The Windies never recovered and somehow, Perry not only stayed on the field for the entire 43.1 overs it took for Australia to seal victory, but she also bowled out her 10 overs for figures of 3-19. After the final, she was diagnosed with a stress fracture in her ankle and later underwent surgery to remove bone spurs.
Ashes Test, WACA Ground
January 10-13, 2014: 71 & 31, 3-41 & 5-38 v England
Perry was player of the match the last time the WACA Ground held a women's Test match in 2014, scoring 71 and taking eight wickets in the fiercely contested loss to England.
She took three first-innings wickets including those of Sarah Taylor and Lydia Greenway, before she helped dig the Aussies out of trouble with the bat.
Arriving in the middle with the hosts 6-92, Perry top-scored with 71, ensuring Australia took a slim six-run first-innings lead.
Perry then claimed 5-38 as England were rolled for 190 in their second dig, and was a figure of resistance as her teammates fell around her in their unsuccessful chase, top-scoring with 31 as the Aussies were bundled out for 123.
Ashes Test, St Lawrence Ground, Canterbury
August 11-14, 2015: 6-32 v England
Australia had not won a Test on foreign soil since 2001, but a stunning display from Perry put an end to that drought in the one-off Ashes Test in 2015.
The tourists had set England a target of 263, declaring during the morning session of the final day, and after Sarah Coyte found the initial breakthrough, trapping England opener Heather Knight lbw for five, first-drop Sarah Taylor dragged Perry on to off-stump to depart without scoring.
England resumed the afternoon session on 2-16 but quickly collapsed to be 5-29 as Perry had captain Charlotte Edwards caught behind for one, and Megan Schutt removed Lauren Winfield-Hill and Natalie Sciver.
Lydia Greenway (16) and Georgia Elwiss (46) dug in – Greenway’s first 100 deliveries consisted of 94 dot balls – and their dogged wall of defiance threatened to spoil Australia’s hopes of a drought-breaking victory.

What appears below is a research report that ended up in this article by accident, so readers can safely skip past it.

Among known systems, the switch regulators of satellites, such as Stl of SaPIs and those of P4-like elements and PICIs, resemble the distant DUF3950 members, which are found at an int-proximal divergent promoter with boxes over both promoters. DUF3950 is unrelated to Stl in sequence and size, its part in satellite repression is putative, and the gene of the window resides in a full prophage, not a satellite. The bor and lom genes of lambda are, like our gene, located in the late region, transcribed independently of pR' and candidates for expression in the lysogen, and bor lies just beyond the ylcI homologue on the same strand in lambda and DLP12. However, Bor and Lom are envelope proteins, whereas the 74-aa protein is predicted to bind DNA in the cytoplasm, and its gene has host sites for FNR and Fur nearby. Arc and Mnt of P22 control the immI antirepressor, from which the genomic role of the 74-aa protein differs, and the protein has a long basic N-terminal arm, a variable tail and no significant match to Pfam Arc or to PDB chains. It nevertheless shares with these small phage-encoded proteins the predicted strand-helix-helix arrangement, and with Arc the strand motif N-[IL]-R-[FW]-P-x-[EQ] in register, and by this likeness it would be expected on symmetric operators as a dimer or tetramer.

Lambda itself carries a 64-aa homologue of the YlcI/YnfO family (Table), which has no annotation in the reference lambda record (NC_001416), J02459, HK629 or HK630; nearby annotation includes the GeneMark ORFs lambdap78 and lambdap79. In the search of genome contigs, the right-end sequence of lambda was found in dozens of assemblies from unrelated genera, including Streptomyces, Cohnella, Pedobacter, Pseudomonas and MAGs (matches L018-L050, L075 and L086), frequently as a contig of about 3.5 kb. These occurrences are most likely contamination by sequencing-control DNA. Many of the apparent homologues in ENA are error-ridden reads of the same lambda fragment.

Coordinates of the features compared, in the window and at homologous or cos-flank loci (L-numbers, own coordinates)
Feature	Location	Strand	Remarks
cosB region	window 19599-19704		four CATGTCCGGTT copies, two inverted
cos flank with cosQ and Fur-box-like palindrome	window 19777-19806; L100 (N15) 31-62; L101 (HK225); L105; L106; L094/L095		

But like she did after lunch, Perry struck early after the tea interval, bowling Greenway with a bouncer that failed to live up to its name, keeping low and crashing into leg-stump.
She doubled-up next ball, bowling Laura Marsh, as the rampant visitors then ripped through the tail to bowl England out for 101, Perry finishing with 6-32. Crucially, the Test win left Australia requiring just one win from three T20Is to reclaim the multi-format Ashes, a feat they went on to achieve.
Third T20I v India, Sydney Cricket Ground
January 31, 2016: 55* & 4-12 v India
This was a dead rubber in a series already sensationally claimed by India, but Perry’s all-round individual performance at the SCG was significant; it remains the only occasion a player has scored a half-century and taken four wickets in a women’s T20I.
With Australia batting first following back-to-back defeats, Perry anchored her team’s innings and escalated late, taking 24 from the final two overs to finish unbeaten on 55 from 41 deliveries.
Then, when the game was evenly poised with India 3-92 chasing 137, Perry re-entered the attack, picking up four wickets in 14 balls to seal victory.
The match also coincided with the end of Perry’s dual sporting careers – through the 2015-16 summer she had also held a contract with W-League club Sydney FC, playing occasional matches when they did not clash with her cricket.
That day at the SCG, Sydney FC played a grand final and had provisionally named Perry in their squad, but the allrounder stuck to her commitment to the T20 series – and thereafter, cricket was her full-time profession.
Ashes Test, North Sydney Oval
November 9-12, 2017: 213no v England
Perry entered the inaugural women’s day-night Test without an international century. She more than made up for it over the days that followed to etch her name in the history books.
Not content to simply bring up her maiden Test ton, embracing close mate Alyssa Healy after reaching the magical milestone, Perry batted on, and on, and on.
Across more than four sessions of batting, she slowly and expertly dismantled England's bowlers and as the third day of play drew to a close, it appeared the only thing that would stop her from scoring a double would be a lack of partners.
Perry was on 193 not out when the ninth wicket fell, before a single put her within six runs of a double-century and she decided to take on the off-spin of Laura Marsh and target the vacant mid-wicket boundary to bring up the milestone with one lusty blow.
It appeared she had achieved exactly that as the crowd roared, convincing everyone – Perry included – she had cleared the rope.
The celebrations were briefly put on hold when she was informed that the ball had in fact fallen just short of the rope, leaving her with two runs still to get, but Perry would not be denied, reaching 200 with a boundary three balls later.
Her 213no was the highest Test score by an Australian woman, and the third highest in women's Tests.
Second Rose Bowl ODI, Karen Rolton Oval, Adelaide
February 24, 2019: 107no & 1-15 v New Zealand
Perry continued a trend of reaching major milestones in dramatic fashion when she hit her first ODI century against New Zealand in Adelaide.
Having executed the anchor role with aplomb to steer Australia out of a spot of bother, the allrounder was unbeaten on 95 heading into the final over of the innings.